Steve Bemiller visited the Delaware County Historical Society earlier this month to help guests figure out the answer to a common question: Is it a valuable antique, or is it just old?
Bemiller, who recently retired after a 45-year career at Garth's Auctioneers and Appraisers, gave a presentation Jan. 18 at the society's Barn at Stratford in southeast Delaware.
Bemiller reviewed items from the collections of audience members and the historical society, including antique dolls, pottery and household appliances.
He said appraisers often glean clues about an item's history from labels, trademarks and other easily overlooked information.
"You always look for information on pieces, anything you can find," he said.
As an example, he discussed the various marks used on items imported to the U.S. from Japan.
Pieces imported before 1921 typically are marked "Nippon," the Japanese name for the country. Beginning in 1921, the U.S. government required products from Japan to be labeled "Made in Japan."
Items imported from Japan for several years after the end of World War II often are marked "Made in Occupied Japan."
Bemiller said it can be more difficult to estimate the ages and origins of items produced before the passage of the McKinley Tariff Act of 1890, which required many items to be labeled with information about their country of origin.
He said patent dates also can be helpful, although they often simply identify the earliest year the product could have been made.
"In the antique world, you always have to talk 'circa,' " he said.
Bemiller said while the age and condition of an object play roles in its value, the number of collectors who want to own a piece is the key. He said a chamber pot from the society collection was old and in good condition, but he doubted many people would want to buy it.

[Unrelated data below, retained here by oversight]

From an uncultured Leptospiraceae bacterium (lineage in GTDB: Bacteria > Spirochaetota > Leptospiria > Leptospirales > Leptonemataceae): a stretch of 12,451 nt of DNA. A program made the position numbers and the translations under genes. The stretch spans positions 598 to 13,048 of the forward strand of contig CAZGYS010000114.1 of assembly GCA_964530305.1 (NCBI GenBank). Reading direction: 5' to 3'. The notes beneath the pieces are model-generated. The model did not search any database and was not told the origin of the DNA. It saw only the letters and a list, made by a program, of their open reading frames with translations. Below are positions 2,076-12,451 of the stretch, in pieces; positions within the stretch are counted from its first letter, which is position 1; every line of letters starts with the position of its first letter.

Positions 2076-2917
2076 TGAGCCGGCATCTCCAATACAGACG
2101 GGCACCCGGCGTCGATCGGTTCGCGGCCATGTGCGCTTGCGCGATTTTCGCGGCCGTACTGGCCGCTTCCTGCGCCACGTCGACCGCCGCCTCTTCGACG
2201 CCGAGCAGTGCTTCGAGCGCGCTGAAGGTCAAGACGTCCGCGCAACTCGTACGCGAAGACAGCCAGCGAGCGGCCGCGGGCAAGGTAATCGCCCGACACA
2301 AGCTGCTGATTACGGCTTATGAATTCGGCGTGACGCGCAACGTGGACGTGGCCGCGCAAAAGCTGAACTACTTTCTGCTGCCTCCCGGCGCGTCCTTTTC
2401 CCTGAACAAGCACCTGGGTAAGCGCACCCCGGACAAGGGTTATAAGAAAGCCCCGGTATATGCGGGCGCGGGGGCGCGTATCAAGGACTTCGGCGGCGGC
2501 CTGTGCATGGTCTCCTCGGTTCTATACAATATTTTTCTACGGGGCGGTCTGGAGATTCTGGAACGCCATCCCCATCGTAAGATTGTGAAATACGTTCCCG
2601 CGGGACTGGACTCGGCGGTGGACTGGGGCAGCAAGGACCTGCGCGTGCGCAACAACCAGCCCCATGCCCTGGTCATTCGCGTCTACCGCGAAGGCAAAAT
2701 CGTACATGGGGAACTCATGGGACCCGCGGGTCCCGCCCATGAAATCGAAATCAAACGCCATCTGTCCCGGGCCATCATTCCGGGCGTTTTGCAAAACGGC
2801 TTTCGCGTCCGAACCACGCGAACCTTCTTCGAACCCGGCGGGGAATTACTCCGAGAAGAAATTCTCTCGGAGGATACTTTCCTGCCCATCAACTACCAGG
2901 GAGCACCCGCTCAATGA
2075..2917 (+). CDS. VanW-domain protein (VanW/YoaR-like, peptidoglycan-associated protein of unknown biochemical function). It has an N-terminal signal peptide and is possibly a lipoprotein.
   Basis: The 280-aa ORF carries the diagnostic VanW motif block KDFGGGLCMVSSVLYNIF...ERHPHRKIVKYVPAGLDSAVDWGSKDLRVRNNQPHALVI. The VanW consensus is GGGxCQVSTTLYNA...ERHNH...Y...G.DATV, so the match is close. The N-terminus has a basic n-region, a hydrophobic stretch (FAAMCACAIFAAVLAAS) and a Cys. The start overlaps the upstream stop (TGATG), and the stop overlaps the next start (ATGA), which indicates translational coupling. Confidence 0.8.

"You ask me about value ... it has educational value," he said.
Bemiller said many items, such as crystal stemware, fancy linens and silver-plated service sets, once were seen as valuable heirlooms. He said younger generations are less likely to use or display such items, which has led them to drop substantially in value.
The value of items also can hinge on their regional significance. For instance, Bemiller said chairs produced in the late 1800s or early 1900s by the Delaware Chair Co. will sell much better in central Ohio than in a different region.
Bemiller said often in his career, he was approached by people who wanted to know more about their family heirlooms and said they did not care about their monetary value. He said he would offer his take on the item's history, then inevitably wait for the follow-up question: What's it worth?
"They still want to know what it's worth, even though they said they didn't," he said.